McMaster University

Wednesday, October 28, 2020 - 1:30 - 2:30 p.m. Eastern - Join Gilbrea Centre and the Department of Health, Aging and Society at McMaster University for a free online seminar: A Critical Exploration of Creativity and Dementia at the Intersection of Embodiment, Relationality and Citizenship.

Decreasing stigma associated with dementia and fostering dementia-inclusive communities are key public health priorities across national and international settings. Engagement with the arts is increasingly advocated to reduce stigma and to increase social inclusion of persons living with dementia since the arts so powerfully support non-verbal communication, affect, and the opportunity to participate in activities that are meaningful to self and to others. However, for the most part, the arts are implemented as a therapeutic intervention with the aim of reducing neuropsychiatric symptoms associated with dementia, and improving cognitive and physical health outcomes. The enrichment that the arts bring to human lives is thus obscured by treating the arts exclusively as a means to a therapeutic end. Dr. Pia Kontos will discuss this limitation with reference to a relational model of citizenship that recognizes corporeality and relationality as fundamental to human existence, and that brings a new and critical dimension to understanding the importance of creativity in the context of dementia. Findings from empirical research of hers will be discussed to illustrate how the relational model of citizenship brings a new and critical dimension to understanding the creativity of persons living with dementia while also addressing broader issues of their inclusivity and the ethical imperative to fully support engagement with the arts through institutional policies, structures, and practices. 

Ontario Long Term Care Association

Monday, October 26 - Tuesday, October 27 - In so many ways, long-term care in Ontario is headed for a shake-up.

brainXchange

Thursday, October 1, 2020, 12 - 1 pm Eastern - BrainXchange will present the findings from a knowledge exchange project conducted by researchers at The KITE Research Institute (University Health Network) together with Behavioural Supports Ontario (BSO), Family Councils Ontario (FCO) and the Ontario Association of Resident's Councils (OARC).

brainXchange

Wednesday, September 23, 2020, 12 - 1 p.m. Eastern - More women than men have Alzheimer’s disease and the numbers are growing. Both sex (biological factors) and gender (social factors) most likely work together to contribute to this predominance. In order to prevent AD in women, we need to understand early in life the factors affecting women that lead to eventual dementia. In this webinar we discuss what is known about the underlying causes and suggest future directions for research.

Canadian Institutes of Health Research

Thursday, September 10, 2020, 12 - 1 p.m. Eastern - How can we best help older adults with depression via remote treatment? Depression is the most common mental illness in older adults. Social isolation and infection prevention measures to contain the COVID pandemic have disproportionately impacted older adults, putting them at even higher risk of depression.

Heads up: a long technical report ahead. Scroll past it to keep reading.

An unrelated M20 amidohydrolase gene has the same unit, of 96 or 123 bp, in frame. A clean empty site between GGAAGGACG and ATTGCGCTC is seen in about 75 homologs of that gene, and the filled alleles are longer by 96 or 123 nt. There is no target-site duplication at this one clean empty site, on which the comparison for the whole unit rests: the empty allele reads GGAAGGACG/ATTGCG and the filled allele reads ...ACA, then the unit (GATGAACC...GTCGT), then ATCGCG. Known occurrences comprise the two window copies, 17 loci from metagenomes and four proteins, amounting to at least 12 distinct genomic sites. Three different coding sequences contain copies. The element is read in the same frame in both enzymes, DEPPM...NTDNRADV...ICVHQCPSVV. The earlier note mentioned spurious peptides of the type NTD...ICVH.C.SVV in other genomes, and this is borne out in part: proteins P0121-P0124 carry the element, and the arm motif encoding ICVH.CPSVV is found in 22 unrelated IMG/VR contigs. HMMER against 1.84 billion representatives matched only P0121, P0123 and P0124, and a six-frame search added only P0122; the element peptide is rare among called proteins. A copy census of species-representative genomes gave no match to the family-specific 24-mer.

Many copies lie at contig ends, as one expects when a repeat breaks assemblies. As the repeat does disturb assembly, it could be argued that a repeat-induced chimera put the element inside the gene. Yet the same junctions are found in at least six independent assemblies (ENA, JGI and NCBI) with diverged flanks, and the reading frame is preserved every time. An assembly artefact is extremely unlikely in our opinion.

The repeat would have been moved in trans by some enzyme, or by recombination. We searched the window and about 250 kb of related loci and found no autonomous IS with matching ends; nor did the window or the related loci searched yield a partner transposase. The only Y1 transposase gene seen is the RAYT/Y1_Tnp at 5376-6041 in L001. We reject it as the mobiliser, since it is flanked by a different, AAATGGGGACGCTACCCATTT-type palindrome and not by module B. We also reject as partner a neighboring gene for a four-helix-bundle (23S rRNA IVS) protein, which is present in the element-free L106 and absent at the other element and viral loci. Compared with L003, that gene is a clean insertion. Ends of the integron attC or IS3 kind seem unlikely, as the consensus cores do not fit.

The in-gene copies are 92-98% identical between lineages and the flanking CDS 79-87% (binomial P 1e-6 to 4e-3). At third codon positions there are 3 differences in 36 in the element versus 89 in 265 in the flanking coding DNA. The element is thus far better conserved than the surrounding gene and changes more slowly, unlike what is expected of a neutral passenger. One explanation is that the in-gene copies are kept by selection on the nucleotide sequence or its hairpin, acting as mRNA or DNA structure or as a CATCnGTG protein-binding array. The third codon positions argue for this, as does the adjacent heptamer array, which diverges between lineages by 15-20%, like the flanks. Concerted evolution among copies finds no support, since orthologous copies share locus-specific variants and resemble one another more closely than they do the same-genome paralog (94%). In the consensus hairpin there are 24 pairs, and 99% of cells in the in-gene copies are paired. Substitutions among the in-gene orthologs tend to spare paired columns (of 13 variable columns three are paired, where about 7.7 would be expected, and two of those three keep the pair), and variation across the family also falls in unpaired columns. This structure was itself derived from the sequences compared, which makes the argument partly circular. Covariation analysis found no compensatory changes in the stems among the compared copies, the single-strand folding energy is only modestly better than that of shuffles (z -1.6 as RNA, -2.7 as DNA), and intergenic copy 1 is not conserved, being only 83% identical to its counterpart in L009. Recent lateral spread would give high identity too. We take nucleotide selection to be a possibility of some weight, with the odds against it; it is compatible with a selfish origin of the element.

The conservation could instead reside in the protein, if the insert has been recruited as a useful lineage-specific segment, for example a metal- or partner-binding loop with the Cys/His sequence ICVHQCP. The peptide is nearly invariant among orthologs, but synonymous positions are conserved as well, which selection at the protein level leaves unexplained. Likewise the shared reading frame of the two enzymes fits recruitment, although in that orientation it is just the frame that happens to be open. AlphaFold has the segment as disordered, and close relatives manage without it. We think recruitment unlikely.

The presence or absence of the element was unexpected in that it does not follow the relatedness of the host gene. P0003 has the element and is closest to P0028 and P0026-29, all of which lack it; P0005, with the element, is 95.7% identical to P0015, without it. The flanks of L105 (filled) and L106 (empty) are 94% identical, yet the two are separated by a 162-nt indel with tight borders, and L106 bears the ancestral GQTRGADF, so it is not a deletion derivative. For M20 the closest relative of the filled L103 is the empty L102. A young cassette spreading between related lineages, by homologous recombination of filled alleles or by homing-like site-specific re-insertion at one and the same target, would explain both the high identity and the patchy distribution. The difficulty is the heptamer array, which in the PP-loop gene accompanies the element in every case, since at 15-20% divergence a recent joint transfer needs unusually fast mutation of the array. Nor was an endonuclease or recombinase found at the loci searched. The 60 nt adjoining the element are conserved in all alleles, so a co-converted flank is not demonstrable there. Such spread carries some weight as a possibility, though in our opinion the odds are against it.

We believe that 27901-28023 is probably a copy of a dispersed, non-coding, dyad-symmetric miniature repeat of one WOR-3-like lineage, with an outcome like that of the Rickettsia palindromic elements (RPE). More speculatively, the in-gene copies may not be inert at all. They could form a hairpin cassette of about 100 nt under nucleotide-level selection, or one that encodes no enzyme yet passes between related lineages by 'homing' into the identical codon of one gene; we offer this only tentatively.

Senior Friendly Care & Regional Geriatric Program of Toronto

Tuesday, August 25, 2020 - This series of a 3 webinars for healthcare workers. Speakers will introduce healthcare workers to Self Care Strategies. The speakers will be psychogeriatric resource consultants: Thérèse Lawlor, Charlene Marshall and Tony Schembri.

While strategies are in place to support aging offenders within Correctional Service Canada (CSC) institutions, relatively little attention has been directed towards understanding their community reintegration. Due to a combination of unique and complex health needs, as well as the stigma of incarceration, aging offenders face a plethora of barriers and challenges when transitioning from a correctional institution to community (Williams & Abraldes, 2007; Higgins & Severson, 2009; Maschi, Morrissey & Leigey, 2013). In order to help overcome the challenges, solutions are being implemented at various scales to ease the reintegration process; however, there is a need for  additional support from both government and community stakeholders alike.

Fall Prevention Community of Practice

Wednesday, October 7, 12 pm Eastern - Health Literacy refers to a person’s ability to access, understand and act on health related information. The complexity of the message and the health professional’s ability to communicate clearly are important contributing factors.

Centres for Learning, Research & Innovation in Long-Term Care

Tuesday, September 15, 2020, 1:30 - 2:30 p.m. Eastern - This webinar will help you nurture an inclusive community among LTC residents and team members, even in the age of COVID-19. Presenters will share practical and quick steps you can take right now, without spending hours planning and preparing. Participants will receive a copy of the Embracing Diversity: A Toolkit for Supporting Inclusion in Long-Term Care Homes in the mail.

Centre for Studies in Aging and Health

Wednesday, July 29, 2020, 12 p.m. Eastern - While there is a large body of research to demonstrate the importance of culturally competent care for supporting the health and well-being of older LGBTQ persons, home care providers in Canada continue to receive little education in this regard. Consequently, providers may lack the needed awareness and skills to recognize and support older LGBTQ persons when providing care to this community.

Pages